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Re: [ratholes, reification, risk] poison-URIref testcases

From: Pat Hayes <phayes@ai.uwf.edu>
Date: Wed, 3 Apr 2002 12:34:51 -0600
Message-Id: <p05101510b8d0f8058bf4@[]>
To: Jan Grant <Jan.Grant@bristol.ac.uk>
Cc: w3c-rdfcore-wg@w3.org
>This is, surprise, going down a rathole fast, so this is my last pulic
>post on the topic...
>On Mon, 25 Mar 2002, Graham Klyne wrote:
>>  At 10:05 AM 3/25/02 +0000, Jan Grant wrote:
>>  >On Mon, 25 Mar 2002, Graham Klyne wrote:
>>  >
>>  > > I would argue that the "meaning" of some RDF is not the 
>>"conjunction of the
>>  > > meaning of individual triples".  Conjunction of "meaning" seems to be a
>>  > > meaningless (er, ill-defined) idea.  It is the _truth_ under some
>>  > > interpretation that is a conjunction.
>>  >
>>  >Unfortunately, that bit of the conversation seems to be missing from
>>  >Dan's quoted text.
>>  OK.
>>  >Dan's concern might be summarised as: "...but what if a URI _doesn't_ I
>>  >any R?" :-)
>>  By which I assume you mean have a mapping I(URI) in IR ?
>>  I think the definition of an interpretation requires that such a mapping
>>  exists (irrespective of whatever may be happen in the "real Web").
>As I said to Dan: the MT defines an interpretation like this; it tells
>you what a "standard intended interpretation" will look like.
>It _would_ be possible to rewrite the MT document to use partial
>interpretation functions, but all the theorems and definitions would
>just have extra clauses (and proofs become similarly unmanageable) - for
>very little (no) gain.
>A better bet (I think) is to just do something Herbrandish - that is,
>keep the current definition of "interpretation"; if you _do_ wind up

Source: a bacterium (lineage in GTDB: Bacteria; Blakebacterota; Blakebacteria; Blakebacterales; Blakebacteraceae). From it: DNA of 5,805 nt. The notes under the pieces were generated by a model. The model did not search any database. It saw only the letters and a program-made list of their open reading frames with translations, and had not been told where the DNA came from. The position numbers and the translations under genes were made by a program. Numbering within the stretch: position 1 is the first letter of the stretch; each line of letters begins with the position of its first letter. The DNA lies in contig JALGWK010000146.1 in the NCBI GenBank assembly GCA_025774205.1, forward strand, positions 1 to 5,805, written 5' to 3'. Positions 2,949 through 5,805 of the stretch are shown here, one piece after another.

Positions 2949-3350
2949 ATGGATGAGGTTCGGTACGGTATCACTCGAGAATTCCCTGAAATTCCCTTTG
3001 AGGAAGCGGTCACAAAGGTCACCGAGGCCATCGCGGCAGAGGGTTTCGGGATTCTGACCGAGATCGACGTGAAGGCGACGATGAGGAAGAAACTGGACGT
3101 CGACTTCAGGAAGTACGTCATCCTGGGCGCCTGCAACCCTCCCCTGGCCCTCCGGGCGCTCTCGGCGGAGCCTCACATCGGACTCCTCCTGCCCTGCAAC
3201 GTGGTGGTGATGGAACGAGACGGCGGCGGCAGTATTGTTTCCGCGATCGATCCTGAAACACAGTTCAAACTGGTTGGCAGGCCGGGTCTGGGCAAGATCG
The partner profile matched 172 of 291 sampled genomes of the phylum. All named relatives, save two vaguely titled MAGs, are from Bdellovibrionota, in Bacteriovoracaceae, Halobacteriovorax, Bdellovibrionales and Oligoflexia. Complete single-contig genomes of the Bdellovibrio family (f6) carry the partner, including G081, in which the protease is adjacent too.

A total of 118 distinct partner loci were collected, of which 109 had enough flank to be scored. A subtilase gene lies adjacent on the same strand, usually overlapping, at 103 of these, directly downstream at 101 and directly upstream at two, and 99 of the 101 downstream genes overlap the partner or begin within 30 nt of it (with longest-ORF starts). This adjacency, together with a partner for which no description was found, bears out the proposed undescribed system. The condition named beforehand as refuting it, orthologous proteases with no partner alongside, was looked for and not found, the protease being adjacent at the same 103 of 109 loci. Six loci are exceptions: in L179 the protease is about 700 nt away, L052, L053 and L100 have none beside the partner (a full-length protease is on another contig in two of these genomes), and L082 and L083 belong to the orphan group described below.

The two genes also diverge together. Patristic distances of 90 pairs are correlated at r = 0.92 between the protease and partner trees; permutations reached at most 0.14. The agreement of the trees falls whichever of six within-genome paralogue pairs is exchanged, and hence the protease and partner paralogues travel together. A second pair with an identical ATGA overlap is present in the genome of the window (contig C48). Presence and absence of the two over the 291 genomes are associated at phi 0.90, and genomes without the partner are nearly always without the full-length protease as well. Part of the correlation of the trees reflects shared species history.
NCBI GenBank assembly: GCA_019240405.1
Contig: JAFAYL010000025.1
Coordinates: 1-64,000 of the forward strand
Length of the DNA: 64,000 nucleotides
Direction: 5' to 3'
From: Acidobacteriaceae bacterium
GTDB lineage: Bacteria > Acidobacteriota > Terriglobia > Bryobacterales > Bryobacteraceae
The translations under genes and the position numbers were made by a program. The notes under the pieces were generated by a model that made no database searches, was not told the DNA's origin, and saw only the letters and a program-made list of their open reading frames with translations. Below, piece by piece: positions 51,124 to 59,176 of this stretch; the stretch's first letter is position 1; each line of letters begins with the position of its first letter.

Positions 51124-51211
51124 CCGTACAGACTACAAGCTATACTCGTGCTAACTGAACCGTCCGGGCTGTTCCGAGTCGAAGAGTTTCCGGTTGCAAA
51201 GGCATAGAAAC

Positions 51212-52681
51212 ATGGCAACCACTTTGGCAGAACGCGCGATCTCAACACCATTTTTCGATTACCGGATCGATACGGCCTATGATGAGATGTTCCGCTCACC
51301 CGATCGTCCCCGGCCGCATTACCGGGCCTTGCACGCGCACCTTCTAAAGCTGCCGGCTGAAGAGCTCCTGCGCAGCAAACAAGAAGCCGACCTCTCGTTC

>with one of Dan's problematical graphs (that is, one with a URI-labelled
>node with no "meaning", ie, which doesn't denote anything*), you don't
>really hurt yourself by letting it denote some mathematical figment that
>doesn't collide with anything else.
>I'm still not convinced that this is really a problem; just trying to
>summarise what's giving danbri sleepless nights.

I agree with Jan. One needs to be careful about using phrases like 
'the referent', since the MT only assigns referents *in an 
interpretation*, not in the *actual world* or even the *actual web*, 
whatever that would mean. And there is always a satisfying 
interpretation for any RDF graph, cf. the Herbrand lemma.

Dan's worry, I think, can be split into two parts. The 'social' 
version is that people will in fact have some intended 
interpretations in mind when they read RDF, and will be thinking 
thoughts that are in some sense more concrete than the very broad set 
of mathematical possibilities represented by 'all interpretations'. 
(Answer: probably true, but irrelevant to questions of entailment and 
to most pieces of software.) The 'technical' version is that we might 
want to actually *say* that a given uriref fails to denote in some 
interpretation, as a way of saying for example that it generates a 
404 error, or something. Here I would agree with Jan: we *could* go 
that way (RDF as a free logic) but the resulting technical complexity 
would be a large cost and would not in fact buy us anything useful.

Right now the MT, if read strictly, does answer this question: any 
asserted triple containing a name which does not refer in a given 
interpretation is false in that interpretation, so the poison-URI 
cases would presumably be those in which the graph asserts something 
that is false in all the intended 'standard' interpretations, which 
is another way of saying that it only has nonstandard satisfying 
interpretations (eg those in which urirefs refer to themselves, like 
literals). Similar things happen in most formal languages, which is 
why there is a theory of nonstandard arithmetic.


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Received on Wednesday, 3 April 2002 13:34:51 EST

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